Coalition rows are always suspicious, these days. Are they real, or are they part of pre-agreed choreographed 'rows' designed to help both parties keep their identities distinctive? The moment you start asking such questions, the urge to become a fully signed up member of the conspiracy theory tendency becomes irresistible.
Whatever the reality behind yesterday's ridiculous Trident row, the Liberal Democrats are supposed to benefit. Britain's nuclear deterrent was one of just three issues on which the Tories and Lib Dems 'agreed to disagree' in May 2010. So the basic narrative of the two parties squabbling over it shouldn't be a big strategic problem. What's more, it is really the Lib Dems' only option for open disagreement. The other two issues were the marriage tax allowance and higher education funding. Amid the misery of austerity, promoting marriage never really got very far. And the less said about tuition fees, whether auto-tuned or not, the better.
That leaves Trident, an isolated issue which is a real anomaly within the government. It is currently a matter of hot dispute between No 10 and the deputy prime minister's office as to whether the Liberal Democrat review into the issue is a 'government review' or not. According to Downing Street, it is nothing to do with the government. It was in the coalition agreement that the Liberal Democrats would be permitted to look at alternatives to the "continuous at-sea deterrent", which the prime minister's spokesperson insisted yesterday ministers are completely committed to. Strange, then, that the terms of reference of the Lib Dem review include exploring whether there are any "alternative nuclear postures" that might be worth considering.
"It is a government review," an aide to Clegg insisted to me yesterday. "It's got civil servants working on it!" I've now rung the Cabinet Office to find out exactly how many staff are beavering away on this alternative. This mission was, broadly, unsuccessful. But a spokesman did reveal to me that even within government the status of the Lib Dem review is baffling. They're not even sure whether it is a review. But "some people in Whitehall are calling it an 'alternative review'," I was told helpfully. So it must be. Probably.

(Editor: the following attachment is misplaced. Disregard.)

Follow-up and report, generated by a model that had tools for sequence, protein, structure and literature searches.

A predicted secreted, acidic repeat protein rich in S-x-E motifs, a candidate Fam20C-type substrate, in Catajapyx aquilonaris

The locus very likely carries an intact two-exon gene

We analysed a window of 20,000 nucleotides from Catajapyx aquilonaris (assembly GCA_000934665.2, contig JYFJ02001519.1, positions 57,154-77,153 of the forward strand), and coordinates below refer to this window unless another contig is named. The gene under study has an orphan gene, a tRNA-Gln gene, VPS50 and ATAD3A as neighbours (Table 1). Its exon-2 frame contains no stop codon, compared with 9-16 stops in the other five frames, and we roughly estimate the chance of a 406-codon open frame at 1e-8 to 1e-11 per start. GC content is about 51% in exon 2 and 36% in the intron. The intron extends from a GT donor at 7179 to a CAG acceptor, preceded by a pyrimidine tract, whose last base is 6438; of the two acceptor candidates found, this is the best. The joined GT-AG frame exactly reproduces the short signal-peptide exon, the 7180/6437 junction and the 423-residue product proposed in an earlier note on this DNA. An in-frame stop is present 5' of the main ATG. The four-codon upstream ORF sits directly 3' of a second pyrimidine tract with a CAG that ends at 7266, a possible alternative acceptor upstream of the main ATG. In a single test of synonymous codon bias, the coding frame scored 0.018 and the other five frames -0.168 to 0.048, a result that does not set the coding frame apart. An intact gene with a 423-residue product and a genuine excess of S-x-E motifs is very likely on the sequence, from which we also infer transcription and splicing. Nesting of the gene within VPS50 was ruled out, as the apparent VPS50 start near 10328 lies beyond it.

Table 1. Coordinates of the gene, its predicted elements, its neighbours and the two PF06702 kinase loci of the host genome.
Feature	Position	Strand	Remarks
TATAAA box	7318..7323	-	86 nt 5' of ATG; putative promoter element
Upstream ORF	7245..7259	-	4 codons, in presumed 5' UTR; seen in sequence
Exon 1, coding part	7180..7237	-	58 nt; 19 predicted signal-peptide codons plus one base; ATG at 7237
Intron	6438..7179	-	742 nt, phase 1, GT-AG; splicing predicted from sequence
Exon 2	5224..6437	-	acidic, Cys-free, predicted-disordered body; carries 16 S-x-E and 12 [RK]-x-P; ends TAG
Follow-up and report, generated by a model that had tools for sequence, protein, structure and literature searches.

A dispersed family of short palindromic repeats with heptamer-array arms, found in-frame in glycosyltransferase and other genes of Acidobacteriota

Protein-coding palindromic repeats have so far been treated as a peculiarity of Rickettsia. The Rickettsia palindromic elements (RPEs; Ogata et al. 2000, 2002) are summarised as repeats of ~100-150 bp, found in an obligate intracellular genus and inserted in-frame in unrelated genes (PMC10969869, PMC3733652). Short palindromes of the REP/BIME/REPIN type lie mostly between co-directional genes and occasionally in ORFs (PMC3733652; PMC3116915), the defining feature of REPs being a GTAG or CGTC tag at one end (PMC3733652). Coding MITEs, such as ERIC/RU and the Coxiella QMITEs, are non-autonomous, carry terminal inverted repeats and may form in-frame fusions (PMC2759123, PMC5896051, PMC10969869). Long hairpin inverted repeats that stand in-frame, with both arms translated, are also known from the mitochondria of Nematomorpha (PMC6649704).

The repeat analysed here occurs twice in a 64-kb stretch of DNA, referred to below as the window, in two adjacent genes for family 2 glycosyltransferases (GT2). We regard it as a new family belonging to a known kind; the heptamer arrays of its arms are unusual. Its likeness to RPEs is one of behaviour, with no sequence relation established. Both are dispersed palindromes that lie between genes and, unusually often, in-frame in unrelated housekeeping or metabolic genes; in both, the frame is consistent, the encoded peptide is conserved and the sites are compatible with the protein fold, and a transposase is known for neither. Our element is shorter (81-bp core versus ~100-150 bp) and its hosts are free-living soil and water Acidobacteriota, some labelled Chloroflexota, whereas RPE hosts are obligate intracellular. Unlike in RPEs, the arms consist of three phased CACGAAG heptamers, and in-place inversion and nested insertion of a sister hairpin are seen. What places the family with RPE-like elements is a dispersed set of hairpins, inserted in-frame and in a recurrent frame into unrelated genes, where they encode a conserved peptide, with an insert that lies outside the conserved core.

Whatever this Lib Dem activity, or government review, is, it continues to be led by civil servants in the Cabinet Office. They are consulting relevant officials in the Ministry of Defence and the Foreign Office, making it "very much in-house". It looks like a government review. It feels like a government review. But No 10 says it is not a government review, per se. Most aspects of life in coalition government are now day-to-day for those in Whitehall, but this one seems to have slipped through the net.
The reason for all the confusion is that Lib Dems accepted in negotiations in spring 2011 that the design phase of the like-for-like Trident replacement, which is costing a cool £3 billion, would have to go ahead before 2015. Putting it on hold in this parliament would have effectively meant Trident was being cancelled, something the Tories would never agree to. But the next best option – allowing the design phase and putting off the decision on actually constructing the submarines until 2016 – is alarmingly close to 'business as usual' from the point of view of the Conservatives. As Philip Hammond did so admirably yesterday, they can ignore the Lib Dem review and assume it won't make the slightest bit of difference. Don't go "jumping the gun", Clegg warned yesterday. But can the defence secretary really be forgiven for doing so, given the state of play?
If this issue came to a Commons vote then Trident would get the go-ahead, because Labour and Conservative MPs would combine to support the decision. So putting it off until 2016 doesn't look like an effective delaying tactic because whatever form the next government takes, it's likely to support Trident. The Liberal Democrats would therefore have done better to force the issue to a vote in this parliament, rather than deliberately kicking it into the long grass. That would have generated headlines of another coalition argument – undermining the public's perception that these two parties can work together, but doing an awful lot to make the Lib Dems look more distinctive. As it is, they are in no-man's land. Trident's like-for-like replacement moves serenely closer to reality, whatever the activities of a small group of Lib Dem-driven officials in Whitehall might think.